She is Perversity: Queer Currents within Twentieth-Century Discourses on Lilith

Antique wind spirit turned Adam’s first wife, Lilith holds the fascination of both contemporary academia and popular culture. Namely, feminist scholarship and interpretations of the Lilith myth, present her as a rebellious, patriarchy-smashing femme. However, scholarship on Lilith thus far has primarily positioned her within a heteronormative framework. As a result, more complex and nuanced inquiries into Lilith’s mythic story have been overshadowed. The lacuna my study aims to expose and address is the overlooked queer currents and connections within artistic, literary, political, and sociocultural discourses regarding the demoness.

First, my talk will provide a brief overview of Lilith’s presence within folklore, art, and literature from antiquity to the present. Second, the ways in which both psychoanalytic and feminist discourses have shaped and impacted present understandings of Lilith will be discussed. Lastly, I will focus on my research on Lilith, in which I investigate historical and discursive associations between Lilith and queerness. Specifically, I will discuss four significant historical associations between Lilith and queerness that occur within twentieth-century discourses – within the lesbian poetry of Renée Vivien (1877-1909), the Neo-Gnostic works of Columbian sex magician Samael Aun Weor (1917-1977), the antisemitic writings of American Satanic conspiracy theorist Eustace Mullins (1923-2010), and finally within lesbian-feminist art and poetry in the late 1900s. In examining historic associations between Lilith and queerness, and utilizing both queer theory and monster theory, a more comprehensive understanding of the figure of Lilith is presented.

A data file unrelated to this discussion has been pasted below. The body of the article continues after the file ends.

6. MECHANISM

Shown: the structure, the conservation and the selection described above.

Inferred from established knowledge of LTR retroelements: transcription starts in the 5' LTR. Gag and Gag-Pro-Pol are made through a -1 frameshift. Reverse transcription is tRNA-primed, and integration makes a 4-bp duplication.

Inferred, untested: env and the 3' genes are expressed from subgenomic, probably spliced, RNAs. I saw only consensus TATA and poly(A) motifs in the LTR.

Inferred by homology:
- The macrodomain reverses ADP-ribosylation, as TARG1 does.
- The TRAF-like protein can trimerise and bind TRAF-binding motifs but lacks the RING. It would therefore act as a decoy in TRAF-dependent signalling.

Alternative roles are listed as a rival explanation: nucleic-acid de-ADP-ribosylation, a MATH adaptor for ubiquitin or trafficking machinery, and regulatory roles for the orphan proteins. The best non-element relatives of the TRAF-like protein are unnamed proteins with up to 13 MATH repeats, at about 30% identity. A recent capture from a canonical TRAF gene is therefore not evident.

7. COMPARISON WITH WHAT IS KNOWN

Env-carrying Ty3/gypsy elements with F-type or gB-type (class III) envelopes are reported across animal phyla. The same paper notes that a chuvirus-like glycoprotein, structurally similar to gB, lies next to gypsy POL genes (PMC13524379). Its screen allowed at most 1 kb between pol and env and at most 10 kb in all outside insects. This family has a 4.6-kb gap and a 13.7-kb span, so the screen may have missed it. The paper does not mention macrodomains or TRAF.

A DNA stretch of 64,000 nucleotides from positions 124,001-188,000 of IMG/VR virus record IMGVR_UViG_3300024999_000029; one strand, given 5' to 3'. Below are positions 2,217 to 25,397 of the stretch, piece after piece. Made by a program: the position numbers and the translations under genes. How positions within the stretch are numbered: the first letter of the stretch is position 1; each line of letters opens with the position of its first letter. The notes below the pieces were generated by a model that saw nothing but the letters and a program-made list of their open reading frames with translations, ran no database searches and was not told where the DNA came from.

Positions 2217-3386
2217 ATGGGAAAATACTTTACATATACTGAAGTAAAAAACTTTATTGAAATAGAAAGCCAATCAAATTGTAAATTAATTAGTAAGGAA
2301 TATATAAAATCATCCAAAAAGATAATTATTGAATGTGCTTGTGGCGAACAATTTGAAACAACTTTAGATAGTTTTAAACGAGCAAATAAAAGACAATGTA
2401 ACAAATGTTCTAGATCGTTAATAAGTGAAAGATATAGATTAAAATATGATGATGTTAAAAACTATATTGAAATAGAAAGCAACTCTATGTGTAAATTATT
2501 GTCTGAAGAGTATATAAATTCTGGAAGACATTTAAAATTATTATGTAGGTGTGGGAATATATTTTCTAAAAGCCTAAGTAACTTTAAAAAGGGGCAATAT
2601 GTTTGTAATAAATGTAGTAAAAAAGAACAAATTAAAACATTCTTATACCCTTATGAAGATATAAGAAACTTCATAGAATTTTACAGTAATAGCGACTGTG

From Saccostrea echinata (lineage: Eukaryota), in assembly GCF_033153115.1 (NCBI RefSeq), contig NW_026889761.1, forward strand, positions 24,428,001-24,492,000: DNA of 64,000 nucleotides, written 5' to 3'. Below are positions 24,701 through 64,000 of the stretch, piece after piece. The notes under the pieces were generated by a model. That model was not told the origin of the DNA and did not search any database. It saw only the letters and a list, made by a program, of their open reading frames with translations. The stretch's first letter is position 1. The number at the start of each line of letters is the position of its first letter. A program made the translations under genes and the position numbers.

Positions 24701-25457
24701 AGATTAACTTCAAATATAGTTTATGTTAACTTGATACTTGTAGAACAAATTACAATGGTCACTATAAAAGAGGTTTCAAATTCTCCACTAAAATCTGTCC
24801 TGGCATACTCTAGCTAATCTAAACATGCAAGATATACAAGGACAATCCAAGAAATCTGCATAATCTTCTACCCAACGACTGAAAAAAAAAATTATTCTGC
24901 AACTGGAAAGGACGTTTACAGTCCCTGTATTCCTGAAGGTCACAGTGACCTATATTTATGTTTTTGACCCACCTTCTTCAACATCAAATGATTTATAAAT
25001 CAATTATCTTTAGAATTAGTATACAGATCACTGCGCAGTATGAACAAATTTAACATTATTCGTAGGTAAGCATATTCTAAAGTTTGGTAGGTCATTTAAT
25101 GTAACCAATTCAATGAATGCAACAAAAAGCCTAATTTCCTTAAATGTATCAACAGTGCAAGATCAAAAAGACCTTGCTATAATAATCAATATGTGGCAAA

Brennan Kettelle holds a Research Master’s degree in Religious Studies, with a focus on Western esotericism (University of Amsterdam, 2021), as well as a Master’s degree in Gender and Cultural Studies (Simmons University, 2018). Brennan aims to utilize queer and feminist theories and methodologies in examining esotericism, investigating both queer currents within esoteric literature, orders, and figures, as well as esoteric themes within queer subcultures, politics, and histories. Her research interests include Lilith, nineteenth and twentieth-century occultism, sex magic, initiatory orders, esotericism and politics, and conspirituality.

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